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Monthly Archives: May 2020

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Corona: A time to revisit Camus

As the coronavirus pandemic paralyses the world and continues its ravages, I’m reminded of the great French novelist, Albert Camus. In La Peste, (The Plague) Camus ends the novel (1947) by saying: “The plague never dies or disappears for good; it lies dormant for years and years in furniture, and linen-chests; it bides its time in bedrooms, cellars, trunks, and bookshelves; and perhaps the day would come again when, for the bane and enlightening of men, it will rouse up its rats again and send them to die in a happy city.”

When the scourge of the plague ends and Dr. Bernard Rieux, the narrator of the novel, listens to the jubilation of the townsfolk, he knows such joy is always imperiled. “…this chronicle could not be a story of definitive victory. It could only be the record of what had to be done and what, no doubt, would have to be done again in the never-ending fight against terror and its relentless onslaughts,” he says.

Camus believed that the actual historical incidents we call plagues “are merely concentrations of a universal precondition, dramatic instances of a perpetual rule: that all human beings are vulnerable to being randomly exterminated at any time, by a virus, an accident or the actions of our fellow man”.

This is what Camus meant when he talked about the “absurdity” of life.

To write his novel, Camus went through the history of plagues: the Black Death that killed an estimated 50 million people in Europe in the 14th century, the Italian plague of 1630 that killed 280,000 across Milan, Lombardy and Veneto, the great plague of London of 1665 as well as plagues that ravaged cities on China’s eastern coast during the 18th and 19th centuries.

He also read Daniel Defoe’s ‘A Journal of the Plague Year’ (1722) and Italian writer Alessandro Manzoni’s ‘The Betrothed’ (1827).

Today, while the governments all over the world are battling against the pandemic, and we all are hoping to defeat this invisible enemy, Camus’s novel reminds us: “There’s no heroism in all this. It’s a matter of common decency. This may seem ridiculous, but the only means of fighting a plague is — common decency.” And by decency, he means “doing one’s job”.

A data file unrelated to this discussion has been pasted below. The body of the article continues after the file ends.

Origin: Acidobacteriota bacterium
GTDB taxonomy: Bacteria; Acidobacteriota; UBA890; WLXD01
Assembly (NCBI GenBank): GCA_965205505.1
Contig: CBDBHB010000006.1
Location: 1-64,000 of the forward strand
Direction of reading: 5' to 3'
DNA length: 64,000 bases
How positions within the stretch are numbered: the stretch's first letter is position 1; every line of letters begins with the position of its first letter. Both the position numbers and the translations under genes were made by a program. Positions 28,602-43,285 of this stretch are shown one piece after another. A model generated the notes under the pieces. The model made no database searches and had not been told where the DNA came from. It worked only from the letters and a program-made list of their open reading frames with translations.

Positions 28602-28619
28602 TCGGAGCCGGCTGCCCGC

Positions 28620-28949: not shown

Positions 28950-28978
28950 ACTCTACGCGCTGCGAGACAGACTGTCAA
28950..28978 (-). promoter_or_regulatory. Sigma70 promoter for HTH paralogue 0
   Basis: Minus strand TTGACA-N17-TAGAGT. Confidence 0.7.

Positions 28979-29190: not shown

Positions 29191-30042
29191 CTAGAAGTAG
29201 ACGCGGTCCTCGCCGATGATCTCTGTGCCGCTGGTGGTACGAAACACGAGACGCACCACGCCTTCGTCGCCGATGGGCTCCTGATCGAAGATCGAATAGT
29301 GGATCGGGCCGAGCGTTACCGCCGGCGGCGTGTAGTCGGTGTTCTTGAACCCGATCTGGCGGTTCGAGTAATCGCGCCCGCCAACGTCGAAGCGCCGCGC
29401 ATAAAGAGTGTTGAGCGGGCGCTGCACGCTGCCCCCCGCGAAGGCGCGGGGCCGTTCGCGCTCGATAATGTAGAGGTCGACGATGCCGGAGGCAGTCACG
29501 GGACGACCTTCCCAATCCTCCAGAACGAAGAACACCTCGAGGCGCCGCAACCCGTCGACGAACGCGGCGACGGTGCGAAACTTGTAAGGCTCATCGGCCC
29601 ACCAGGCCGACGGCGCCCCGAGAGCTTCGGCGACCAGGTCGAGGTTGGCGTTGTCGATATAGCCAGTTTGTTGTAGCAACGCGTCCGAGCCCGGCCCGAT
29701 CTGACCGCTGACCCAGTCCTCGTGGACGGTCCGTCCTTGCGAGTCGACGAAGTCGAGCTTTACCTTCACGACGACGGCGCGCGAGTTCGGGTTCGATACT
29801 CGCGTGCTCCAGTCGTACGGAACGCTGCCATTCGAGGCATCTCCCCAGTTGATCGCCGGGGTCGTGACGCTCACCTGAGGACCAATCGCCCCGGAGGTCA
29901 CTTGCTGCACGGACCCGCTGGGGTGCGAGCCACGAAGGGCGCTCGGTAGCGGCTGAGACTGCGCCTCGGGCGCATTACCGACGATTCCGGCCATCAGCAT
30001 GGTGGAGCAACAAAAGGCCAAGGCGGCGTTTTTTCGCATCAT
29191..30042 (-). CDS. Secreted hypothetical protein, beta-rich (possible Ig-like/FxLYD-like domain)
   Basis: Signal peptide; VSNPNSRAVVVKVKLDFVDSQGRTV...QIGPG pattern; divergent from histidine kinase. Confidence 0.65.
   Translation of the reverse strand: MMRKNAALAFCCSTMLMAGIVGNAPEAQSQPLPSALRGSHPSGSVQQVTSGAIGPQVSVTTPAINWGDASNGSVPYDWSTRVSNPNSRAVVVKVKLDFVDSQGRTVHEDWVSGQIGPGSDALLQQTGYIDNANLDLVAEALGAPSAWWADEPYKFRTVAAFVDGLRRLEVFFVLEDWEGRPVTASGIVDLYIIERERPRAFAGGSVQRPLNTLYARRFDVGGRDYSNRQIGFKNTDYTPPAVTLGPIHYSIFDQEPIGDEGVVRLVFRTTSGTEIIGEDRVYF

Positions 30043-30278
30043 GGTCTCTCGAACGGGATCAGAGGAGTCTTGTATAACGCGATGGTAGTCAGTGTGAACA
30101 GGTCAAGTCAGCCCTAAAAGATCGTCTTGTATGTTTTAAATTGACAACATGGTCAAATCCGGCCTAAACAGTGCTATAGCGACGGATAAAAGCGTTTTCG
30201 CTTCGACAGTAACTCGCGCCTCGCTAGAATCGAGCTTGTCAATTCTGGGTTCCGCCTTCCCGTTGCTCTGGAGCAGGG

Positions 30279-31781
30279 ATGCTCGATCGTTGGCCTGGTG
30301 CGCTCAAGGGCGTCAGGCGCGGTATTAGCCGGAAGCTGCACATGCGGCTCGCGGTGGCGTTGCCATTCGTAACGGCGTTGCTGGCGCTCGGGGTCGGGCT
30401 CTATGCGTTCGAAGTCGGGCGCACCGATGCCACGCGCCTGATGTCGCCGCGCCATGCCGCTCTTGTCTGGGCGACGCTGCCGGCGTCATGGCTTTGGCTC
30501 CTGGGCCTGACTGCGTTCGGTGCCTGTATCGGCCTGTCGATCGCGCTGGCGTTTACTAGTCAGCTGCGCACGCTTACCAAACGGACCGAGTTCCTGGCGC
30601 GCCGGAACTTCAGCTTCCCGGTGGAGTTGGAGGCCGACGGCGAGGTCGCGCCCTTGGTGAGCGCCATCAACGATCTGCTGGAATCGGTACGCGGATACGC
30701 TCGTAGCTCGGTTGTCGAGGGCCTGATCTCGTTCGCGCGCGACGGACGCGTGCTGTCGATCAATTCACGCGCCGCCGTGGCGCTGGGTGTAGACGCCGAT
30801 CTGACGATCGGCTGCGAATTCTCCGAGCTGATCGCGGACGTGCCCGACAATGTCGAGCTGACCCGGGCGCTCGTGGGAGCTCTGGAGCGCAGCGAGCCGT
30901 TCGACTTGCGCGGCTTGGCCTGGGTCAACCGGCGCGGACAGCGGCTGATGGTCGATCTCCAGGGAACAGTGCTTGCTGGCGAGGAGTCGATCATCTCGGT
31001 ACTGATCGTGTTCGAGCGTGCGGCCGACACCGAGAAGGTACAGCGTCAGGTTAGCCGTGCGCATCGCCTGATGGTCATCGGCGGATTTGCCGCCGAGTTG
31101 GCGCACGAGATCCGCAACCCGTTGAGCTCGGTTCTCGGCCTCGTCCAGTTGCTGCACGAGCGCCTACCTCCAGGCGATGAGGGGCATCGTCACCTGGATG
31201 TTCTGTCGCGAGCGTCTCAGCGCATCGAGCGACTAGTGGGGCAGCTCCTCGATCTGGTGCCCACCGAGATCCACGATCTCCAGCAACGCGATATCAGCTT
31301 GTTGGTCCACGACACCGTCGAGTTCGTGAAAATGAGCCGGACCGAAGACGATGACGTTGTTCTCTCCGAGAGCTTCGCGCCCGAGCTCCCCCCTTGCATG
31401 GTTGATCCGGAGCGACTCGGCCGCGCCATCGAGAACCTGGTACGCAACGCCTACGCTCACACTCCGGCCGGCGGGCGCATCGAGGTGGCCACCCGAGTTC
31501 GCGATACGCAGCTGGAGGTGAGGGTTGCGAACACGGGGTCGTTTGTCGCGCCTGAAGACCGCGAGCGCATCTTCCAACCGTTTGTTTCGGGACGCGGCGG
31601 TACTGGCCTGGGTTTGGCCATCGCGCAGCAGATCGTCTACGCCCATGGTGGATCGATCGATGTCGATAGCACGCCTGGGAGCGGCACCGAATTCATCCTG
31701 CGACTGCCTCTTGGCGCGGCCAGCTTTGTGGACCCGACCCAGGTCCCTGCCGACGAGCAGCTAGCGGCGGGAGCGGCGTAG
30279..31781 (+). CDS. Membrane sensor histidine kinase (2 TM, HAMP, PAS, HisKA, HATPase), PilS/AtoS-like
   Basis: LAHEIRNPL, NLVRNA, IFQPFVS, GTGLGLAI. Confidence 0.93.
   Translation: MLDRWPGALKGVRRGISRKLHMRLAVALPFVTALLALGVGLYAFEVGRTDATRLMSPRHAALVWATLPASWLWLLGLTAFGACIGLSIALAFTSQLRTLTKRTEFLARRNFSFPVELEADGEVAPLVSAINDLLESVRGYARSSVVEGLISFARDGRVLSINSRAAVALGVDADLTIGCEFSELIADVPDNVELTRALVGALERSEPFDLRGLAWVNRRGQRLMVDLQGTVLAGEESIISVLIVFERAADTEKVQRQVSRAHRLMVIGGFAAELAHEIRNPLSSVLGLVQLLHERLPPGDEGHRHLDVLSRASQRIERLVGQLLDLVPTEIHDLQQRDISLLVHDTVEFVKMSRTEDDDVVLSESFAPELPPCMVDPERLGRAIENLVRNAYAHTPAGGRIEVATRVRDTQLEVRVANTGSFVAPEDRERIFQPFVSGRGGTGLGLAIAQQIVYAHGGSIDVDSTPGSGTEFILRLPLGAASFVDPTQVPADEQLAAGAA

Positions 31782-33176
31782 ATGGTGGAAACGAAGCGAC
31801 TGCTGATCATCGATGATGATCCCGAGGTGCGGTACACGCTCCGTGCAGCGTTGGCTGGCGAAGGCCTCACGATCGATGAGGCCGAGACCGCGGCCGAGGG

Camus wrote: “We all inside us have plague because no one in the world, no one, is immune …and if there is one thing one can always yearn for, it is human love.”

Will the Trump government take a lesson from Camus? Will it stop the blame game and behave with ‘decency’ and realize the need to love ‘fellow damned humans’ to protect the planet.

The coronavirus doesn’t care whether you’re rich or poor, white or black, famous or infamous, royal or commoner. It has leveled off discrimination and treated everyone as equals in a world of brutal inequality and inhuman disparity. It has exposed the fragility and vulnerability of human beings, the futility of our aspirations, insufferable conceit and the inevitability of suffering.

With the body counts in the US crossing 85,000, the virus has exposed how the richest country of the world collapsed within weeks after the outbreak exploded. The US must now realize, however wealthy they are, they are powerless and vulnerable to this pandemic like any other country in the world.

Unfortunately, the US President isn’t willing to accept the fact that the pandemic can render our lives instantaneously meaningless.

Bill Gates in a recent interview has said it’s not the time for finger-pointing as that won’t help and will only prolong the crisis. Time has come to close ranks and work together for global solidarity to combat the contagion.

The revolutionary musician, Roger Waters of Pink Floyd, said: “We can only move forward and save this fragile planet that we call home if we co-operate with one another, rather than fight one another.”

Eminent Jewish historian Yuval Noah Harari says: “We must hope that the current epidemic will help humankind realise the acute danger posed by global disunity. Humanity needs to make a choice. Will we travel down the route of disunity, or will we adopt the path of global solidarity?”

The ongoing calamity must open our eyes to how much life has changed in a blink of an eye and how challenging, both intellectually and emotionally, it will be for us to go forward.  We’re getting a different sense of our place in history. We’re entering a new world, a new era.

Nobel laureate Turkish author Orhan Pamuk (who’s been writing a new novel called ‘Nights of Plague’) says: “Much of the literature of plague and contagious diseases presents the carelessness, incompetence and selfishness of those in power as the sole instigator of the fury of the masses. But the best writers, such as Defoe and Camus, allowed their readers a glimpse at something other than politics lying beneath the wave of popular fury, something intrinsic to the human condition….

“For a better world to emerge after this pandemic, we must embrace and nourish the feelings of humility and solidarity engendered by the current moment.”


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